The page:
On Thursday, MEPs from the Committees on Economic and Monetary Affairs and Civil Liberties adopted, with 93 votes in favor, 14 against and 14 abstentions, their position on the draft law, which aims to strengthen EU rules against money laundering and terrorist financing. .
Traceability of transfers of cryptocurrencies
According to new requirements approved by MEPs, all transfers of cryptocurrencies must be accompanied by information on sources and recipients. This information should be made available at the request of the competent authorities. The rules will also cover transactions made from so-called non-hosted wallets (a crypto-asset wallet address owned by a private user). Technological solutions should ensure that transfers of cryptocurrencies can be identified individually.
The aim is to ensure the traceability of transfers of cryptocurrencies and to block suspicious transactions. The rules should not apply to person-to-person transfers of cryptocurrencies performed without a provider, such as bitcoin exchanges, or between providers acting on their own behalf.
No minimum threshold
Due to their speed and virtual nature, transactions with cryptocurrencies can easily circumvent existing rules based on transaction thresholds. MEPs decided to remove minimum thresholds and exemptions for low value transfers of crypto assets.
Public register of high-risk units
MEPs call on the European Banking Authority (EBA) to set up a public register of high-risk cryptocurrency entities and services for money laundering, terrorist financing and other criminal activities, including a non-exhaustive list of non-credit providers. are in complience with the requirements.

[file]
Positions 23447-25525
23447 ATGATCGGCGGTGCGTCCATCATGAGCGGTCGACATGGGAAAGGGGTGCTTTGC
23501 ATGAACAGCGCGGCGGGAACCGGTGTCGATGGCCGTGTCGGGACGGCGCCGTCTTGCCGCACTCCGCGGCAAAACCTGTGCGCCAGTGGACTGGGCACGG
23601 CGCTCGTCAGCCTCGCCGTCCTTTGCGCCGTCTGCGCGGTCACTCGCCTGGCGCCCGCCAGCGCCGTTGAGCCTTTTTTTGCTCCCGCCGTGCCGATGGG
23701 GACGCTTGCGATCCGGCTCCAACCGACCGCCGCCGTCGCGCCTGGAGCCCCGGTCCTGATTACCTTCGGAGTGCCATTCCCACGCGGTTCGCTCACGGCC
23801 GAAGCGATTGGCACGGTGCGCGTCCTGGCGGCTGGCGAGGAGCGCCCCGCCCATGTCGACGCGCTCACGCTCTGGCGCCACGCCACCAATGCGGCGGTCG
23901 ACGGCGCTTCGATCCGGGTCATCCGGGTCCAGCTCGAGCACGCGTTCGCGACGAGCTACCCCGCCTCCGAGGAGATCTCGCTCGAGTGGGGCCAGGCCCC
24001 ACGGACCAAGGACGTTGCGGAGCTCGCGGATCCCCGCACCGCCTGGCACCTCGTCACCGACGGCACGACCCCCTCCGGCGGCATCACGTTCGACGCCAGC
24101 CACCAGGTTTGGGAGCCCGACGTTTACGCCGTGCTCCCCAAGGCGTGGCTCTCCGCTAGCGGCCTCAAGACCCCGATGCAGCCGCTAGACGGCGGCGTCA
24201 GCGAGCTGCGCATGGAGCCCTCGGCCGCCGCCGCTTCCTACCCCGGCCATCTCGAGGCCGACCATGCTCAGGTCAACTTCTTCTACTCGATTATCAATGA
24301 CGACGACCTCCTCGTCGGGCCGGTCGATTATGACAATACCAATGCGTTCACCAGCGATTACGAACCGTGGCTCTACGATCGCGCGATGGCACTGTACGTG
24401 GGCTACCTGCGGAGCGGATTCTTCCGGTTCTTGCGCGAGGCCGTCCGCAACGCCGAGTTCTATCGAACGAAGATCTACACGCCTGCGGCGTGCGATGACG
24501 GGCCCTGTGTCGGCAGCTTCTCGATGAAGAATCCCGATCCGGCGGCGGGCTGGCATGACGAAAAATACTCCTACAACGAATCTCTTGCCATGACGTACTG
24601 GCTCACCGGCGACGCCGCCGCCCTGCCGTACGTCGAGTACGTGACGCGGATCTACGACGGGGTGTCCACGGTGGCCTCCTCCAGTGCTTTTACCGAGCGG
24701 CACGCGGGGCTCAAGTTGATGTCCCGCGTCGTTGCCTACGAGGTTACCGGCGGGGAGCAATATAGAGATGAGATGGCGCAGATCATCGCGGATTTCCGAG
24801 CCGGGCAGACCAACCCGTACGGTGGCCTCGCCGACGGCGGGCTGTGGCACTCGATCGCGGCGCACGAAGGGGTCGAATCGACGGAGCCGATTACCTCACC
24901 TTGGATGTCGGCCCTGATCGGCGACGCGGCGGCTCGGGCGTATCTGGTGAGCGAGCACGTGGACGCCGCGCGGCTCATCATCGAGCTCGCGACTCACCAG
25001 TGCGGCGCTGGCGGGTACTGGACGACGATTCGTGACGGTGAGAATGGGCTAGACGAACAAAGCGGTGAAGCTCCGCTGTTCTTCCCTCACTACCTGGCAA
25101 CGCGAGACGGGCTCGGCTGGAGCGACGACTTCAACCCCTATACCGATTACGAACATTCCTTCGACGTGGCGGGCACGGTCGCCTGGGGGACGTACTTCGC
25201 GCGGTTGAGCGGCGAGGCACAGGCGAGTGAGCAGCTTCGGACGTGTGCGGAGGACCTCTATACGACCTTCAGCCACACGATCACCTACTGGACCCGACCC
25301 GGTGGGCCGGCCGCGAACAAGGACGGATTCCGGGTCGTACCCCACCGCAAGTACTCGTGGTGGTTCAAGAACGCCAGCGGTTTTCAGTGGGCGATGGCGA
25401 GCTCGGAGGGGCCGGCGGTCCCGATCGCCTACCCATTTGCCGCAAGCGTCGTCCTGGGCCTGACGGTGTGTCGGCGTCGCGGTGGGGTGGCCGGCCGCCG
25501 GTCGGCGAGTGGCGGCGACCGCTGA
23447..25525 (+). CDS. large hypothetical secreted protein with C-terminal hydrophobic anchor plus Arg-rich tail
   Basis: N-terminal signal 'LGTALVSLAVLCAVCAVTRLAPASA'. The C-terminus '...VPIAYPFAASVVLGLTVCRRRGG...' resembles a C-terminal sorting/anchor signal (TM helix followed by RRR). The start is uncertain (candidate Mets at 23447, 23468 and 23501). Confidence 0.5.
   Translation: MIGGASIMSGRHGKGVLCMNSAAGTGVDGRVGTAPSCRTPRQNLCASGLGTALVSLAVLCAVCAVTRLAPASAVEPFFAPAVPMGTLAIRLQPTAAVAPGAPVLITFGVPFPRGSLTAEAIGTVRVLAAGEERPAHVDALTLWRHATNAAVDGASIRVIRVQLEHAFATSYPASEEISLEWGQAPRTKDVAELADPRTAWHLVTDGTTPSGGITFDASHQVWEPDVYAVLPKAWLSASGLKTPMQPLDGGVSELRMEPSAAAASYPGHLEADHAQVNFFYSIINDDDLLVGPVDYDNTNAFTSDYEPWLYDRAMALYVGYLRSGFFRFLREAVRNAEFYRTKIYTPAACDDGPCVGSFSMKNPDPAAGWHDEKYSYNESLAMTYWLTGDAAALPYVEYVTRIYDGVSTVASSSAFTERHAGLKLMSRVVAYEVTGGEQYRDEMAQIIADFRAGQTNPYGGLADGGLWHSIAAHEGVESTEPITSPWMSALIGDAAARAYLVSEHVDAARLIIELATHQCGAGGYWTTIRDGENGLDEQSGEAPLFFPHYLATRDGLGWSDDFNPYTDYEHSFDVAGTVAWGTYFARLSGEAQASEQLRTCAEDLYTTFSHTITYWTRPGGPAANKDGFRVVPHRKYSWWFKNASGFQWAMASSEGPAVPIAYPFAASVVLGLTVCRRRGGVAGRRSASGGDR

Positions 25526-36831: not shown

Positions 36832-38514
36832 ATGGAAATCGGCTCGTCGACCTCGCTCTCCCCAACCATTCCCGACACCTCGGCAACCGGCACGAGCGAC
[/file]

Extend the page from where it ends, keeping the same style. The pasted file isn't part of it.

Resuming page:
Before making cryptocurrencies available to recipients, providers should verify that the source from which they originate is not subject to restrictive measures or that there is no risk of money laundering or terrorism.
Ernest Urtasun (Greens / EFA, ES), Co-Rapporteur for the Committee on Economic and Monetary Affairs, said: “Illegal flows of cryptocurrencies go largely unnoticed across the EU and the world, making them ideal instruments for securing anonymity. “From the Panama Papers to the Pandora Papers has shown that criminals are proliferating where anonymity is guaranteed due to confidentiality rules. This bill will fill this gap for the EU.”
Assita Kanko (ECR, BE), Co-Rapporteur of the Civil Liberties Committee, emphasized: “Our report reflects two objectives: to protect and to normalize. All people of good will should be encouraged to use cryptocurrencies properly and securely, as well as protected from use. of cryptocurrencies for terrorist financing, extortion, child pornography or money laundering. took these important steps for our citizens. “
The adopted text is the draft mandate for MEPs to enter into negotiations with EU governments on the final form of legislation. The EP is expected to vote on this issue in plenary in April.
The regulation is part of the new money laundering package, which includes measures to strengthen EU rules in the fight against money laundering and terrorist financing. It develops solutions to the shortcomings of the existing framework, which testifies to inefficient implementation, erroneous monitoring and insufficient detection of suspicious transactions.
So far, there are no rules in the EU that make it possible to track transfers of cryptocurrencies or provide information about the initiator / recipient of such transfers.